By JOHN NADEL
AP Sports Writer
LOS ANGELES -- Finally, an MVP award for Kobe Bryant.
Regarded as the NBA's best player for several years but never its most valuable, Bryant earned the honor at last on Tuesday after leading the Los Angeles Lakers to the best record in the Western Conference.
He called the award a blessing and an honor and emphasized that he wants another trophy this year.
"It's Hollywood, it's a movie script. The perfect ending would be for us to hold a championship trophy at the end of it," Bryant said at a news conference attended by his teammates, club officials, his wife and two daughters.
"This is an award I couldn't have won on my own. I can't thank these guys (his teammates) enough. These are my guys, these are my brothers. Let's get ready for tomorrow."
The Lakers try to take a 2-0 lead against Utah in their conference semifinal on Wednesday night. Bryant will receive the MVP trophy from commissioner David Stern before the game.
Bryant entered the season as the league's two-time defending scoring champion. He had finished as high as third in the MVP voting twice -- after the 2002-03 season, when he averaged 30 points for the first time, and last year when Dallas' Dirk Nowitzki won.
"I don't know anybody who's ever deserved this trophy more. I don't know anybody who's ever worked as hard to accomplish what he's accomplished," said Lakers coach Phil Jackson, who had five-time MVP Michael Jordan with Chicago and was at the Lakers' helm when Shaquille O'Neal won the award in 2000.
Bryant received 82-first-place votes and 1,100 points in the media vote. He was followed by New Orleans' Chris Paul (28 and 894), Boston's Kevin Garnett (15 and 670) and Cleveland's LeBron James (1 and 438).
"I've said since two, three years ago that Kobe Bryant is the best player in the league," James said before the Cavaliers faced the Celtics in Game 1 of their Eastern Conference semifinal series. "He's been the best player the last five, six years. I'm glad he won it. His team had a great year, finishing first in the West."
This season there was no denying the Lakers' 6-foot-6 star. Los Angeles rose to the top of the West despite key injuries and following Bryant's trade demands last spring when his team was eliminated in the first round by Phoenix for the second straight year.
Bryant averaged 28.3 points, 6.3 rebounds, 5.4 assists and 1.84 steals while playing all 82 games despite tearing a ligament in his right pinkie in February. He put off surgery until after the Olympics.
The knock on the 29-year-old Bryant had been that he didn't make those around him better -- not anymore.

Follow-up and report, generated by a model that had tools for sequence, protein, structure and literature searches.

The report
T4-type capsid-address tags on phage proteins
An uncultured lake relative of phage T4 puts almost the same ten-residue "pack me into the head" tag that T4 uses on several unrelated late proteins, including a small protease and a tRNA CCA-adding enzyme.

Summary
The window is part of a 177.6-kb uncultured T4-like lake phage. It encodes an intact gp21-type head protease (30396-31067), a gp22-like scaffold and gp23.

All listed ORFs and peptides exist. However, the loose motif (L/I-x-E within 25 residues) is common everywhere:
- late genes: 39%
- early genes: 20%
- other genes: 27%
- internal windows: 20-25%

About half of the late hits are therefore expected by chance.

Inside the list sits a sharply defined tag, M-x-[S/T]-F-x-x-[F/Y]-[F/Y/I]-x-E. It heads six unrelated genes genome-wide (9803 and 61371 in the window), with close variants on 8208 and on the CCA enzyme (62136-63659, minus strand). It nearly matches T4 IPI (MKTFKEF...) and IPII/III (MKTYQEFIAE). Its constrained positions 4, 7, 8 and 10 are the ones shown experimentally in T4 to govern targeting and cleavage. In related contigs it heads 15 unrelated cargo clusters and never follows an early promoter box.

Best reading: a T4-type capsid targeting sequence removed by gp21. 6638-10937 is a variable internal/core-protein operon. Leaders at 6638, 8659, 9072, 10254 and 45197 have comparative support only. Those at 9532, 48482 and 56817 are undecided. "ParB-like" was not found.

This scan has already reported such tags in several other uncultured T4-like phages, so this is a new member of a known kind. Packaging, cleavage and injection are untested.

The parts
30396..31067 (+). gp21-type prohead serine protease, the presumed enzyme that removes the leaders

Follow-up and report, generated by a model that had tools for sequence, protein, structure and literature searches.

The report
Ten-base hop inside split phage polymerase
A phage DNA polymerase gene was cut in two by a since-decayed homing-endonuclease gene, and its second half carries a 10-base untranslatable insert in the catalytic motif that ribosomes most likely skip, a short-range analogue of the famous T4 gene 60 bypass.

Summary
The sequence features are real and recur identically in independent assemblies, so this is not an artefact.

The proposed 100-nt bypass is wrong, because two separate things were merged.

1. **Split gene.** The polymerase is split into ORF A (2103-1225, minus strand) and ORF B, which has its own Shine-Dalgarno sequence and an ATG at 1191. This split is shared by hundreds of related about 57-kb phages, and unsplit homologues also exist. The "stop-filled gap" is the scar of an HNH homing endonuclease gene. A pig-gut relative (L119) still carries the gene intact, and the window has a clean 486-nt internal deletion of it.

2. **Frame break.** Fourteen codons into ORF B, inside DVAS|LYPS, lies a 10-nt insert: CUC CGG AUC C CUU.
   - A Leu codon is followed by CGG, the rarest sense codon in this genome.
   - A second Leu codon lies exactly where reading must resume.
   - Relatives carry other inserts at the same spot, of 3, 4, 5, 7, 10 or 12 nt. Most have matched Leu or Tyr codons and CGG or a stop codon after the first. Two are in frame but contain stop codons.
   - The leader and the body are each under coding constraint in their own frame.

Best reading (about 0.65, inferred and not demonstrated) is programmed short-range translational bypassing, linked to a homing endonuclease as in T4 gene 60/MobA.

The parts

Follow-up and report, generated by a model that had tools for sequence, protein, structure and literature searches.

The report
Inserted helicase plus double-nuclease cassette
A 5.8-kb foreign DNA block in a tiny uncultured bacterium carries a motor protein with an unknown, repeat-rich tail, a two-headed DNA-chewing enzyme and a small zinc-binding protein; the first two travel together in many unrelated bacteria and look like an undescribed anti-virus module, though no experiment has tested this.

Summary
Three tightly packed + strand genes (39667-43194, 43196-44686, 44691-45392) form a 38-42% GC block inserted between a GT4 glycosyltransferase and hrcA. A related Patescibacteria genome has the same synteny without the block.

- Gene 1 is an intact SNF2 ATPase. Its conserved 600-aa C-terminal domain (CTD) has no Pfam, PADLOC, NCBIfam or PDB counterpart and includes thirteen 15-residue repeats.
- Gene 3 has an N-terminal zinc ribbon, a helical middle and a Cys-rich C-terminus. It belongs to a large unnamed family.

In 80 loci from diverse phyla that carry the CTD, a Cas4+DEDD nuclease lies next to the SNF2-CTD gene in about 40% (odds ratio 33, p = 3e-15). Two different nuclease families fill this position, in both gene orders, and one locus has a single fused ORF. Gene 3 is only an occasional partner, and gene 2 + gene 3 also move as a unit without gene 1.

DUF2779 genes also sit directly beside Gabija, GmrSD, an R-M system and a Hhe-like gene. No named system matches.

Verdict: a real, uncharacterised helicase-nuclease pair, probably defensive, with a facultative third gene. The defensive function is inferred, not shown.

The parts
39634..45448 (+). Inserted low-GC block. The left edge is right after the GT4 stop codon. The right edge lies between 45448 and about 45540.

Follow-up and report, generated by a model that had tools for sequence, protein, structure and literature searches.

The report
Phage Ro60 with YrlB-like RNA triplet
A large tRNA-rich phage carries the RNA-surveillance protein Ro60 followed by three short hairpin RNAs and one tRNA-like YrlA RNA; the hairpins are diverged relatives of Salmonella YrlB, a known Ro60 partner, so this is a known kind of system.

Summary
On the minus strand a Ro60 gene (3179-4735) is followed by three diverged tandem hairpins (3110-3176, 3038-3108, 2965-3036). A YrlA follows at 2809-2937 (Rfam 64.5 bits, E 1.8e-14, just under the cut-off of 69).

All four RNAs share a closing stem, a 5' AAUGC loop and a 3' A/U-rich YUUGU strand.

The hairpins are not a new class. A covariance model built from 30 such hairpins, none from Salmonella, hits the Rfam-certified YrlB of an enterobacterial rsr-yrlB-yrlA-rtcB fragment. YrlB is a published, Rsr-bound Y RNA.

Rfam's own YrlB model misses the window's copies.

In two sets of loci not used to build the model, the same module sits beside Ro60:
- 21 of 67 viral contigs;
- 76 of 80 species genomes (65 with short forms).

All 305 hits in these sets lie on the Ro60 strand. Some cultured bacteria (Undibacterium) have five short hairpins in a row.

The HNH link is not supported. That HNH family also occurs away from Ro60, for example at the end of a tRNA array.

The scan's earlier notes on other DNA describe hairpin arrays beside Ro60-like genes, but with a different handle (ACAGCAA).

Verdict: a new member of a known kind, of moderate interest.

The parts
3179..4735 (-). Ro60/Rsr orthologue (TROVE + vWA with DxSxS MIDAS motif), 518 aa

"He's deserving in this particular season with all of the question marks and everything going on coming into the season and the uncertainty," teammate Derek Fisher said. "Not only did he statistically have an MVP type of season, everybody can reasonably say they were better this year because of what he did. He met the so-called criteria, elevating his teammates' games."
Word leaked last Friday night that Bryant had won the award.
Bryant, second in the NBA in scoring behind James, is the first Laker to win the MVP award since O'Neal. Other Lakers to win since the award was first presented in 1956 were Kareem Abdul-Jabbar and Magic Johnson -- each three times. Abdul-Jabbar also won three with Milwaukee.
"I didn't expect this award would come to me," Bryant said. "I'm surprised. I've played pretty well in other seasons. Our team hasn't been as good. Things just fell into place."
Bryant and O'Neal led the Lakers to three consecutive championships, from 2000-02, and a berth in the finals in 2004. The Lakers hadn't won a playoff series since until sweeping Denver in the first round last month.
Bryant and O'Neal were often at odds during their eight years together. Assistant coach Brian Shaw, who played for the Lakers from 1999-03, has noticed a big difference in Bryant.
"He's a much better teammate now than he was in the championship days. That's a credit to his maturation. There were definitely times when he was not a good teammate. No one worked harder than he did. The same is true today," Shaw said.
"In terms of connecting with his teammates off the court, he didn't do that very much. Now, from what I hear, he goes out to dinner with them all the time. Who knows? Maybe he likes these teammates better than us," Shaw added with a laugh.
Bryant has said this was his best regular season and his most enjoyable -- very different from his feelings last spring. First, he challenged the Lakers to upgrade their roster, then demanded a trade.
Things quieted down and Bryant said all the right things during training camp until Lakers owner Jerry Buss said he would listen to trade offers. That upset Bryant again, but he promised he would focus on basketball once the season began.
And so he did.
After a 9-8 start, the Lakers put it together. The most obvious upgrades were Fisher and Pau Gasol, acquired Feb. 1 from Memphis. The Lakers already had Andrew Bynum, Jordan Farmar and Sasha Vujacic -- all former first-round draft choices -- when Bryant had his tirade last spring. All three, especially the 20-year-old Bynum, showed great improvement, but the 7-footer hasn't played since injuring his left knee Jan. 13.
Another talented newcomer, Trevor Ariza, has been sidelined since breaking his right foot Jan. 20. Gasol missed nine games late in the season because of a sprained ankle.
Through it all, led by their MVP, the Lakers kept winning. And now they appear to have as good a chance as any team to win another NBA championship.
AP Sports Writer Jimmy Golen contributed to this report from Boston.